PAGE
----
The idea of medical students performing nonconsensual pelvic exams on women under anesthesia shocks people outside of medicine. Inside medicine, most view it as routine. “The patients have no way of finding out what happened during their procedure, and they’ll come out none the wiser,” says Kayla, a fourth-year Yale student. “It felt a little weird that I was doing this on somebody anesthetized, but it was the best opportunity I had to practice.”
Katie and I are sitting in a third-floor classroom at the Yale School of Medicine, where she’s halfway through her MD/PhD program. I added an MD to my name in May, and start an emergency medicine residency here this month. Our progress should be cause for celebration, but our education thus far has been filled with discomfort. Our understanding of consent and bodily autonomy hasn’t yet filtered into the medical community we’re joining. Katie, now 31, has a big laugh, a beaming smile, and a fierce ethical code. She’s a survivor of sexual violence and has worked in grassroots reproductive-rights advocacy. Still, she performed that pelvic exam in 2016.
As medical students, we’ve been taught to depersonalize a host of otherwise unnatural experiences. We watch as chests are sawed open, cradle beating hearts in our hands. Private mysteries of life are unraveled and splayed naked before us. To accommodate the strangeness, we’re taught to approach patients dispassionately, taught to view them dissected. The abdominal exam, the same as the neurological exam, the same as the pelvic exam. Don’t make it weird. We’re doctors.
The night after his last day on a one-week urology rotation at New York–Presbyterian Hospital, Dominic* felt sick to his stomach. “Holy shit,” he thought. “I feel like I just sexually assaulted a patient.” He was a third-year student at Columbia University’s medical school, and he’d been given a list of tasks to complete during the week. Halfway through, during a meeting with his clerkship director, it became clear that some of the students had not yet performed a prostate exam.
She told them, “Come in at 11:15. Then you can check this off.”
When Dominic and a classmate arrived, the patient—an elderly man—was already under anesthesia. He was likely receiving a prostate reduction or removal, but no one ever explained the procedure to Dominic or told him the man’s name. Dominic scrubbed his hands clean. Then he and the other student performed prostate exams, one after the other. Then Dominic left. He thinks it’s possible that five or six other students performed the same maneuver, on the same man. “I felt like we had just done something really, really sneaky,” he thought afterward. “That I had to violate a patient’s bodily autonomy in order to check off a requirement for a pass/fail one-week rotation is absurd.”
Many trainees view EUAs (both pelvic and prostate) as integral to their clinical education and extremely appropriate. Others, like Katie and Dominic, remain appalled. Dominic would “absolutely not” allow medical students to perform prostate exams on him if he were ever anesthetized for prostate surgery. “It feels very dehumanizing,” he says, to be made into a teaching tool without your say. Last year, a group of students starting their Columbia urology rotation asked him for tips. “Yeah,” Dominic said, “don’t assault anybody.” (Columbia University has not responded to requests for comment.)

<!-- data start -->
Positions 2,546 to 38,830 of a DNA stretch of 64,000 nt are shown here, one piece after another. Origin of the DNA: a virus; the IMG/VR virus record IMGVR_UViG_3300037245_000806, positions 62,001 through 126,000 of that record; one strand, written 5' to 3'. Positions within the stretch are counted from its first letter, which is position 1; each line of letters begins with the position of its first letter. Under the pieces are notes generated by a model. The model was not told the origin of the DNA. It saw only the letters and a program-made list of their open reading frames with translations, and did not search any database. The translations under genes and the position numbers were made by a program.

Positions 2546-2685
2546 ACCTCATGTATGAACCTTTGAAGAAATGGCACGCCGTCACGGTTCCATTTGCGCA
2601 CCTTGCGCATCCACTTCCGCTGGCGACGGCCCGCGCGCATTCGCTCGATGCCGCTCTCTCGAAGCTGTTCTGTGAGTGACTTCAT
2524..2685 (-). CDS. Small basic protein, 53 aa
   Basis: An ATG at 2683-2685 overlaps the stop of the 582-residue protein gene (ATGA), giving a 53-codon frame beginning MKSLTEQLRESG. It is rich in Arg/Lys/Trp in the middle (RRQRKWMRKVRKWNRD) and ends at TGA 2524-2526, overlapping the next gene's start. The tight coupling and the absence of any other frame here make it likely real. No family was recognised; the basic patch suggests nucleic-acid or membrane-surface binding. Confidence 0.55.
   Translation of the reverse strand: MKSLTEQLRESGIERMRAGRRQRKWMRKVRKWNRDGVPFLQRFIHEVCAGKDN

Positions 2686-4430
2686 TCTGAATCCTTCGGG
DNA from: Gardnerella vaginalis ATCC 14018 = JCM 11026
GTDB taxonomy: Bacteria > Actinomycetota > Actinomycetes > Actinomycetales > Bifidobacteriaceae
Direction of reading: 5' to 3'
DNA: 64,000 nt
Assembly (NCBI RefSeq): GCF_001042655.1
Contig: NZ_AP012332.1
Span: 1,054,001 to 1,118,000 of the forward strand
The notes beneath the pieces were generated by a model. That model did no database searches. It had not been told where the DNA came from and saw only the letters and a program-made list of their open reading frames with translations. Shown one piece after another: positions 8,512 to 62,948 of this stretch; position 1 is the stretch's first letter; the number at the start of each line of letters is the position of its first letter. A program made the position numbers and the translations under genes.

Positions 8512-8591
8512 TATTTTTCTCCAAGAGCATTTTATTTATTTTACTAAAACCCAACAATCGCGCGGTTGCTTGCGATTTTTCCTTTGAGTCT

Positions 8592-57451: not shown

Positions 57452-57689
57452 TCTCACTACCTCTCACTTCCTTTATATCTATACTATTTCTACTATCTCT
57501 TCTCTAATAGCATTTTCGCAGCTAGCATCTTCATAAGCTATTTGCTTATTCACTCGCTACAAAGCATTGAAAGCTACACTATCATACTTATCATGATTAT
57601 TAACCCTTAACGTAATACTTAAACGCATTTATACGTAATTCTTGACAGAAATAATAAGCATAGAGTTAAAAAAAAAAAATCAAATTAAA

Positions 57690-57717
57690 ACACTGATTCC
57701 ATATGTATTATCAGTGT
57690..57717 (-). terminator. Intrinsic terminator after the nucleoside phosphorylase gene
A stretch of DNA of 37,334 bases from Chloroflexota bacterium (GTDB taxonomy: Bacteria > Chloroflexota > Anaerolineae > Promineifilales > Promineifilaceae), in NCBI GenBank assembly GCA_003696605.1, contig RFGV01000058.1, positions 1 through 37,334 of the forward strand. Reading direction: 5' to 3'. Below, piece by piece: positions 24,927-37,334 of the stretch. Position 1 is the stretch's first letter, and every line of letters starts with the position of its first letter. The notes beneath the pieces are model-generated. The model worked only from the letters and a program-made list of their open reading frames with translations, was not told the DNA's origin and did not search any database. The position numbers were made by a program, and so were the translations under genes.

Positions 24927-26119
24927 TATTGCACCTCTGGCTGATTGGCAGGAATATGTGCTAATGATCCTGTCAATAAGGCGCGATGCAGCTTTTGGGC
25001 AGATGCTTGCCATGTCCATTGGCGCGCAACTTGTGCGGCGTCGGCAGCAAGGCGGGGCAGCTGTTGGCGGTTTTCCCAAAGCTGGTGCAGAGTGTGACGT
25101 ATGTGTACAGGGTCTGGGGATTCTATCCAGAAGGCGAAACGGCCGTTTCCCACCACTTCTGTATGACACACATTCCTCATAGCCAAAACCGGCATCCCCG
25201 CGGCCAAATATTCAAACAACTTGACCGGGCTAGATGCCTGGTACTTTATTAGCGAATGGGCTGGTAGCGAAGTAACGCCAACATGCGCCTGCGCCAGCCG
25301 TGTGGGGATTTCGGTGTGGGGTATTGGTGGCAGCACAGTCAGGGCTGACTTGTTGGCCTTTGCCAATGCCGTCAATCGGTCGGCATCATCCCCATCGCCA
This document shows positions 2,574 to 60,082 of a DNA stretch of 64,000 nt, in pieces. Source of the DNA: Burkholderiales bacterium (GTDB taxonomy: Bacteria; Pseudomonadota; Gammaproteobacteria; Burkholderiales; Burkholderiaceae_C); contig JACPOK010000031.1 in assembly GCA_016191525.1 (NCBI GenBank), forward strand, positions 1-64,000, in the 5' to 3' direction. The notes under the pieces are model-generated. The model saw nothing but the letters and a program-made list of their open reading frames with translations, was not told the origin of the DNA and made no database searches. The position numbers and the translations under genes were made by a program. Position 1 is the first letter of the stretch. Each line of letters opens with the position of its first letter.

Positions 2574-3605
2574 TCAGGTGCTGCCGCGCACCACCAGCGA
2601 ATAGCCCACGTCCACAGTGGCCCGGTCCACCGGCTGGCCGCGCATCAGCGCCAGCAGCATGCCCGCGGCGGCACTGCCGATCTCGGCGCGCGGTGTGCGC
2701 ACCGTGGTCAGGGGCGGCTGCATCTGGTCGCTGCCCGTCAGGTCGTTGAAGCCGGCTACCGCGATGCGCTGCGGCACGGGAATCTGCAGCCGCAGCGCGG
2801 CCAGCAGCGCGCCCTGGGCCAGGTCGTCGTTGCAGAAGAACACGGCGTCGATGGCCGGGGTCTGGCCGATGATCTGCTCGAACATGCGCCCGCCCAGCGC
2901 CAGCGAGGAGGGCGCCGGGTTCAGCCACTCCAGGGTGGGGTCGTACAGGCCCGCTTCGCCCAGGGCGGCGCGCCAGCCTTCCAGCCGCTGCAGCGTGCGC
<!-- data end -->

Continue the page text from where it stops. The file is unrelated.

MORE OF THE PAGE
Unfortunately, medical students can’t always say no. In our survey, nearly one-third of the respondents felt unable to opt out of performing these exams. Since supervising residents and attending physicians write evaluations, students fear jeopardizing grades and future careers. “I tried to opt out once from doing a pelvic exam when I hadn’t met the patient beforehand,” says one senior Yale student. “The resident told me no.” At the University of Michigan Medical School, “they taught us it was important to ask forgiveness and not permission,” says another student. For one at Brown University’s Warren Alpert Medical School, the pressure was also social. She describes EUAs as a ritual: “Everyone’s gloves were handed out, then lubrication was put on those gloves in succession,” she says. “In the moment, I felt like I was being accepted into the ob-gyn culture.” (Yale and Brown have not responded to requests for comment. Harvard stands by its consent policy.)
When Phoebe Friesen, a former ethical adviser to New York medical students, first heard about EUAs, she was horrified. But when she broached the subject with faculty, she was told that as a nonphysician, she’d never understand what was necessary for students to learn. She was told she was overreacting. “There is no scandal,” echoed one student from the Washington University School of Medicine, who insisted that current consent processes are effective. “Poorly informed activists and media outlets are seeking to invent one.” Individuals in the medical field are understandably defensive. They’re just doing their jobs, and medically, pelvic exams before surgery are crucial. In our survey, many students reasoned that since patients are at teaching hospitals, they understand students will be involved in their care. “There’s a degree of implied consent,” says another Washington University student. But Katie refutes that logic. “Many patients don’t even know what an academic medical center is,” she says. “And when patients are taken by ambulance, they may have no choice in where they go. They’re taken to the nearest hospital.” (For example, of the 15 facilities where Harvard Medical School students complete clinical rotations, none reference Harvard by name, since the university doesn’t own or operate any of them. They are, nonetheless, teaching hospitals.)